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Publication numberUS2608875 A
Publication typeGrant
Publication dateSep 2, 1952
Filing dateNov 2, 1949
Priority dateNov 24, 1948
Publication numberUS 2608875 A, US 2608875A, US-A-2608875, US2608875 A, US2608875A
InventorsGeorge Leuty Sydney, Thomas Ellison
Original AssigneeBritish Celanese
Export CitationBiBTeX, EndNote, RefMan
External Links: USPTO, USPTO Assignment, Espacenet
Power transmission belt
US 2608875 A
Abstract  available in
Previous page
Next page
Claims  available in
Description  (OCR text may contain errors)

p 1952 T. ELLISON ETAL 2,608,875

POWER TRANSMISSION BELT Filed'Nov. 2, 1949 0 05g g5 1????TTTIZTIIII'I 25 TELLISOUI nvent OfS Patented Sept. 2, 1952 POWER! TRANSMISSIGN -BELT' -'.l;h .m aEl1ison--and*Sydney George-Denim. Snond01 nearrllerby, Englan assignorsto. British Celancse. Limi ed, a corporation of? Great Bri a n .ApplicatiomNovembers2, 1949, Serial: No.1125,'fl06; .-.In Great:.:Britain Novembenmhzlaifi.

11-01mm. '(01. rig-23.

- .This invention; relates toi- .po.wer. transmission.

elts, particularly-for .variable peed. drives and. is.especiallyconcerned.with V-belts of the type uitable for: use; in association, with smoothrfaced expandingv-pulleys to constitute avariablespeed drive. i

.A common. form of. belt at thi type compris s an endlessjband of. leathen-balataor multirply fabric, which. has secured to its...inner face by nuts and bolts a.series,- ofv aluminiumor wooden bars or lags, the heads of, which project on each side-ct the band. Secured-tmthe outer faces of the projecting heads by means of rivets are leather pads whichzmake'zcontactwith the inner faces ofthe pulley discs. Each pulley compri e two discs, and the inner face of. each disc is in the'form of a fiat cone, having 'a semi-vertical angle of the: order-of 70-80 and the: outer faces of the-heads of the bars are inclined, to conform to;..theefacesz of the pulleydiscs, Belts; of this form are liable to the disadvantages of frequent breakage, particularly of the transverse bars, and of rapid wear and'detachment-ofthe pads, giving rise tgunduly high maintenance costs and freql fim stoppa es. incineration. .ItilS an object of the present invention to provide a V-belt in which these disadvantages are overcome or substantially reduced.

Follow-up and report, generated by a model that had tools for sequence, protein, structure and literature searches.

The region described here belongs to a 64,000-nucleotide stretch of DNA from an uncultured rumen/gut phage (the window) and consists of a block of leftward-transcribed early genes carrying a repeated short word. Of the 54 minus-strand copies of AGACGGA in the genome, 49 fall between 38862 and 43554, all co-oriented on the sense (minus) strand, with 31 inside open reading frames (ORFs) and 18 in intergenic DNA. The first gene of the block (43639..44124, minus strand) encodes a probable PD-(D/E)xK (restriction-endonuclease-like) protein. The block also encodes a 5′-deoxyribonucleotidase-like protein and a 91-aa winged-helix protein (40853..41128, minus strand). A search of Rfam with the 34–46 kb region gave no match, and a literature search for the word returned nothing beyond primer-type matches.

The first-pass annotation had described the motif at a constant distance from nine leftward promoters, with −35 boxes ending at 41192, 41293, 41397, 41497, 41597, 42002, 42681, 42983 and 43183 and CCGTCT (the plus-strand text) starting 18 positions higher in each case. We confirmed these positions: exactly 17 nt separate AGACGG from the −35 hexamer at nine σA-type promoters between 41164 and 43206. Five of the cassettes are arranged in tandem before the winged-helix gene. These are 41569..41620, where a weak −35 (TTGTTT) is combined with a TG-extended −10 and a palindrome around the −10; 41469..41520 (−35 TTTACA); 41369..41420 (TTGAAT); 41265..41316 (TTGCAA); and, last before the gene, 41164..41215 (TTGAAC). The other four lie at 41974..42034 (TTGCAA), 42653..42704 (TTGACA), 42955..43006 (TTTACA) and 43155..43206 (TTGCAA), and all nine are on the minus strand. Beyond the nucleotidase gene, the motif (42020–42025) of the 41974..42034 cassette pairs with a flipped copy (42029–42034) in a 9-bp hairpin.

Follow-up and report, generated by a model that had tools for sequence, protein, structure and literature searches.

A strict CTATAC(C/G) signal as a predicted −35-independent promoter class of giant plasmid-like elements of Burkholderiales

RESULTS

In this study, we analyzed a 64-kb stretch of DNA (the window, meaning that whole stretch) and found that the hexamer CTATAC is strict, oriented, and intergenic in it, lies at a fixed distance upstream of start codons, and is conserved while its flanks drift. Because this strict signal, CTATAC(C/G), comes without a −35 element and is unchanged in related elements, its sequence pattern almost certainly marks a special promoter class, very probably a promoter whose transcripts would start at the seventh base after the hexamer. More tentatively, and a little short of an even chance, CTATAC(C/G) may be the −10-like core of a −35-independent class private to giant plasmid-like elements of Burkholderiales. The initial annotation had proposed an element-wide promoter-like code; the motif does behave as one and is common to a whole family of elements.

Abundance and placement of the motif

According to the present invention a V-belt comprises a band of flexible material and, secured transversely to one face of said band, a spaced series of bars of a cross-section that, throughout their length, is uniform and of a character suitable for frictional engagement with a pulley surface, the ends of said bars projecting beyond the edges of said band and having exposed end surfaces at an angle to the length of each bar for engagement with the conical face of a V-pulley. Belts so constructed are not subject to the disadvantage that a facing material at the ends of the transverse bars is liable to become detached, while breakage of th bars and unduly rapid wear of the ends thereof due to the rigidity of the bars are substantially eliminated.

A suitable material for making the transverse bars is a narrow V-belting, made up of layers of leather sewn or otherwise secured together. Other forms of thick, narrow belting may, however, be employed, for example V-belting made of layers of textile fabric and rubber. The V-belting is cut to suitable lengths which are secured transversely across the flexible band, with their wider faces in contact with the inner face of the band. A jig can be employed for cutting the V-belting material, so that the pieces are 2': all-euual-in length and their..ends.-.-are,al1, cutito, ascorrectangle;